Arrow functions

I’m pretty impressed with Arrow functions in ECMAScript6. An Arrow function is very simple when compared to traditional function expressions.

Arrow functions are always anonymous and does bind its own this, arguments, super and new.target properties.

So, we can simply say Arrow functions are shorter functions and non-binding of this.

Lets begin with exploring shorter functions.

To experiment shorter functions, we shall start creating a traditional function and then later we shall replace it with Arrow functions.

var fruits = ['mango', 'jack fruit', 'banana'];
var a = fruits.map(function (f) { return f.length });

console.log(`using traditional function ${a}`);

In the above code, I have created an array with my favorite fruits name (we call these combination of fruits as mukkani in South India which means three fruits).

Using map function, we have returned the length of each item and stored the final array in variable a. This is the traditional function expression we used to write earlier.

Now, lets rewrite the same functionality with Arrow functions.

var fruits = ['mango', 'jack fruit', 'banana'];

// using traditional function
var a = fruits.map(function(f) { return f.length });

// using arrow function
var b = fruits.map(f => f.length);

console.log(`using traditional function ${a}`);
console.log(`using arrow function ${b}`);

In the above code, we have removed the return and the keyword function, and added => between arguments and expression. We have stored the Arrow function results in variable b.

To make sure both the ways are returning same set of results, we have write the values in console. The console writing may looks little bit different than our usual, because I have used template literals in this example. Click here to know more about template literals.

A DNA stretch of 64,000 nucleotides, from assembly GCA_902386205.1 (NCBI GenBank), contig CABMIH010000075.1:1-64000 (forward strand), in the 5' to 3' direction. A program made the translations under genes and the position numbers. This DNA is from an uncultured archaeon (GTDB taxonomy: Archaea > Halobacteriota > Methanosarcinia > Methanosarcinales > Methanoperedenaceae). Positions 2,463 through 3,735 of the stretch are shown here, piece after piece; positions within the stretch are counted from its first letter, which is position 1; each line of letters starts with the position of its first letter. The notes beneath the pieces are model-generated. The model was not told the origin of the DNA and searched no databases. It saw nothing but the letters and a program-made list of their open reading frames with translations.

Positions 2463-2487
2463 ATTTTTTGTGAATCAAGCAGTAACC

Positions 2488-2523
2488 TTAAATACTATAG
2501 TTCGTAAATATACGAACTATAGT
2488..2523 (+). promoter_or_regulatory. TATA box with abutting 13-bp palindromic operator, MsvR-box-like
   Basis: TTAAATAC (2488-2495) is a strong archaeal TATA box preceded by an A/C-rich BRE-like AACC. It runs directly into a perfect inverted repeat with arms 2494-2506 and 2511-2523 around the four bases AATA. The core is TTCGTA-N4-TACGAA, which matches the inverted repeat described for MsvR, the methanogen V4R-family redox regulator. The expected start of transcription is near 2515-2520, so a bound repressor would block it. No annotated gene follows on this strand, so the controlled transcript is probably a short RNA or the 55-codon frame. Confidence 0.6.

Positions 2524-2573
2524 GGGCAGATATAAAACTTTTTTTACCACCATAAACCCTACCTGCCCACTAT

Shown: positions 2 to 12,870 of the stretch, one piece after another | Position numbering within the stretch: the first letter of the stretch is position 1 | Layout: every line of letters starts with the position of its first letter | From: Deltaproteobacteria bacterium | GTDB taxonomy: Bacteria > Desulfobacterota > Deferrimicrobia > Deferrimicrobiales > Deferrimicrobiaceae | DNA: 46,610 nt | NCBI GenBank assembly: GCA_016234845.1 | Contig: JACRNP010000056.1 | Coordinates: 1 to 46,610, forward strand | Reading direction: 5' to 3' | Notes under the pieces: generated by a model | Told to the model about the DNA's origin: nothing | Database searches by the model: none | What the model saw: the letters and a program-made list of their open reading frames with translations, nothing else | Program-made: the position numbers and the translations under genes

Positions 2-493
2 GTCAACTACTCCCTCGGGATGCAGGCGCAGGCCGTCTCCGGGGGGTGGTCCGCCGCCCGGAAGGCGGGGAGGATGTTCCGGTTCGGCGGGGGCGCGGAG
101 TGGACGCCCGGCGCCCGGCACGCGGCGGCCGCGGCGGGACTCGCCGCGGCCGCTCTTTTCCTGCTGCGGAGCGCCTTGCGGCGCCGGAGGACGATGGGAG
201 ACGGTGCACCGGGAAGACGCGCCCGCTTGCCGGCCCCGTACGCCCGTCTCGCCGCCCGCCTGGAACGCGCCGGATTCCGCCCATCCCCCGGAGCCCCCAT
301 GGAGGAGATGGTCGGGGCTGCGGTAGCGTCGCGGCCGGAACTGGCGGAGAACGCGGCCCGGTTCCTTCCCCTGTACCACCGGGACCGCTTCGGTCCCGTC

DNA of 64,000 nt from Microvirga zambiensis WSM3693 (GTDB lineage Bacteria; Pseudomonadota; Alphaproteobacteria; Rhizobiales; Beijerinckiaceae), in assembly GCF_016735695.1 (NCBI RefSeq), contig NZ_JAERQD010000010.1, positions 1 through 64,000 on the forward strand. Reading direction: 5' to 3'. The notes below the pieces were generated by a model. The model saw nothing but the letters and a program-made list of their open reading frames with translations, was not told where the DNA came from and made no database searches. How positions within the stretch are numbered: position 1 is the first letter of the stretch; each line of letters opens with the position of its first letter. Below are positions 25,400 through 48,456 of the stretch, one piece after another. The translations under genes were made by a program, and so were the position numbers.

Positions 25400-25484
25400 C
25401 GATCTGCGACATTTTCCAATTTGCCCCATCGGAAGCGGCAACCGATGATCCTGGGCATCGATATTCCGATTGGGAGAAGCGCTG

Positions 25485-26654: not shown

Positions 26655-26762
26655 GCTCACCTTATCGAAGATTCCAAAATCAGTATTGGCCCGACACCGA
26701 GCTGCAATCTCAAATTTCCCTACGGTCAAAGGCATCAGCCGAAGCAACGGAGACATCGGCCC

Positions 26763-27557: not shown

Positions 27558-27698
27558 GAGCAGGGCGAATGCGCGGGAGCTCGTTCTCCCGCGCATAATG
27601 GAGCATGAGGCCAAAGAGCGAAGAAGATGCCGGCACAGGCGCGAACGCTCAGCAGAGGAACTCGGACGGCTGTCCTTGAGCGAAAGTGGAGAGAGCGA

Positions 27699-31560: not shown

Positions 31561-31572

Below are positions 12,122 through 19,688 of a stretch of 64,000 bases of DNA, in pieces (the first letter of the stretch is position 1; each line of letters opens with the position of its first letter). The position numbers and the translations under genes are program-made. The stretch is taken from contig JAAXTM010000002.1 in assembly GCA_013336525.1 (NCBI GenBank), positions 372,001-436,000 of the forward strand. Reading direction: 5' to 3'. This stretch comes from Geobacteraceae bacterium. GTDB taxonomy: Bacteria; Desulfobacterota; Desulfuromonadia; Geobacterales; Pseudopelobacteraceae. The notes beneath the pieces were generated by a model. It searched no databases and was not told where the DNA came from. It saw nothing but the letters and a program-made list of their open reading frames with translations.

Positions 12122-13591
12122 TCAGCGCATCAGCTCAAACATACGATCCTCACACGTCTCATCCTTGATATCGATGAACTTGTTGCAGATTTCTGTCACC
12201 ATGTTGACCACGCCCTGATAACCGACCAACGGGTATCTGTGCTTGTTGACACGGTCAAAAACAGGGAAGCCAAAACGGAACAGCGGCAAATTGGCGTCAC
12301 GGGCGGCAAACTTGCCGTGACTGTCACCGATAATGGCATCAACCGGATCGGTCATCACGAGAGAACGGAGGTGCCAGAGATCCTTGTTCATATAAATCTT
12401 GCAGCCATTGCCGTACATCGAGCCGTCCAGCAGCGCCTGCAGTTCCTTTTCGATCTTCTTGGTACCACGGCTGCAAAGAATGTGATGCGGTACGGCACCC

Output:
using traditional function 5,10,6
using arrow function 5,10,6

 

this binding

In ES5, we will bind() or var self = this; to make functions to create their own “this”. We used to store parent this in a variable and use that during the callback.

Let create a timer with native this,

function MyTimer() {
 this.seconds = 0;
 setInterval(function() {
 this.seconds++;
 }, 1000); 
}

var myCounter= new MyTimer();
setTimeout(function() {
 console.log(myCounter.seconds);
}, 1200);

It will return the timer seconds first after that it will always return 0 (this.seconds in MyTimer function it won’t bind with this.seconds++ inside the setInterval function ).

In ES5, to bind the value we have to follow the technique of assigning the this of parent to inside the function like follows:

function MyTimer() {
 this.seconds = 0;
 var self = this;
 setInterval(function() {
 self.seconds++;
 }, 1000); 
}

var myCounter= new MyTimer();
setTimeout(function() {
 console.log(myCounter.seconds);
}, 1200);

After using the self variable, we can able to use the incremented value inside the setInterval function.

Lets rewrite same in ES6,

function MyTimer() {
 this.seconds = 0;
 setInterval(() => this.seconds++, 1000);
}

var myCounter = new MyTimer();
setTimeout(() => console.log(myCounter.seconds), 1200);

The seconds variable is properly binded now.

Happy coding 🙂

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